If you're considering replacing your T8 or T12 fluorescent tubes with a new LED version, selecting the most appropriate can get confusing with all the different product types and options available. We have put together a simple guide that will help you make the right choice for your specific needs.
Since more consumers have started to see the benefit LED technology provides, the lighting industry is constantly evolving to ensure the proper safety and light output requirements are met.
Commercial building and facility mangers are constantly looking for ways to replace problematic fluorescent tubes with a more sustainable solution. When T12 ballast technology was phased out, many consumers were in search of a solution that would allow them to re-use their existing fixtures without the costly conversion costs. This led to manufacturers developing LED fluorescent replacement tubes, which gave endusers the ability to replace their linear fluorescent (commonly referred to as T8/T10/T12) with newer LED technology.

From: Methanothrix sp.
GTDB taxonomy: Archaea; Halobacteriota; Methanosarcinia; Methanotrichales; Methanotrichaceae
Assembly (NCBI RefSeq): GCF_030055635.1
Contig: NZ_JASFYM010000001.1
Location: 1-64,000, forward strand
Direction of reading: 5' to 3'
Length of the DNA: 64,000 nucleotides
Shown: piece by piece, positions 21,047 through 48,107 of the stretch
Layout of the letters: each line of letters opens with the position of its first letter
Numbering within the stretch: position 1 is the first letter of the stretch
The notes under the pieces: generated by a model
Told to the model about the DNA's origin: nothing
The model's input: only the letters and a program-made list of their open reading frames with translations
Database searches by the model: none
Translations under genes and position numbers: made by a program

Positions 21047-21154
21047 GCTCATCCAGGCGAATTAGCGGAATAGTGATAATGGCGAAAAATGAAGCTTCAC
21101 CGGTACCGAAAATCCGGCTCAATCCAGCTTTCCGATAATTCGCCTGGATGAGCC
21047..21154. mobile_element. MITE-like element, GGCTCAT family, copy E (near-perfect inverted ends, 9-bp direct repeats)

The first LED replacement products started to gain traction back in 2007. However, in the beginning the early generation LED fluorescent replacement tubes had their issues. The two main being not enough adequate light output and no safety certifications. Due to the lack of quality in the early replacement solutions, buyers were given a bad impression and were turned off by the LED fluorescent replacement technology.
Fortunately the kinks were worked out, and today LED fluorescent replacement tubes can be considered a true one-for-one replacement. The best part is that price levels have continually dropped over the years, which has translated over to payback periods of under 12 months. This has led to more commercial and residential customers alike to become proactive in upgrading to LED technology. Unfortunately, many are still discouraged and quite frankly confused with the number of options both in products and installation methods available.
How to choose the right LED fluorescent tube replacement?
Before you begin looking for which product would fit your application best, its important to consider which installation method you would like to use. This will strongly depend on what type of existing fixture technology you currently have, which would be either T8 or T12.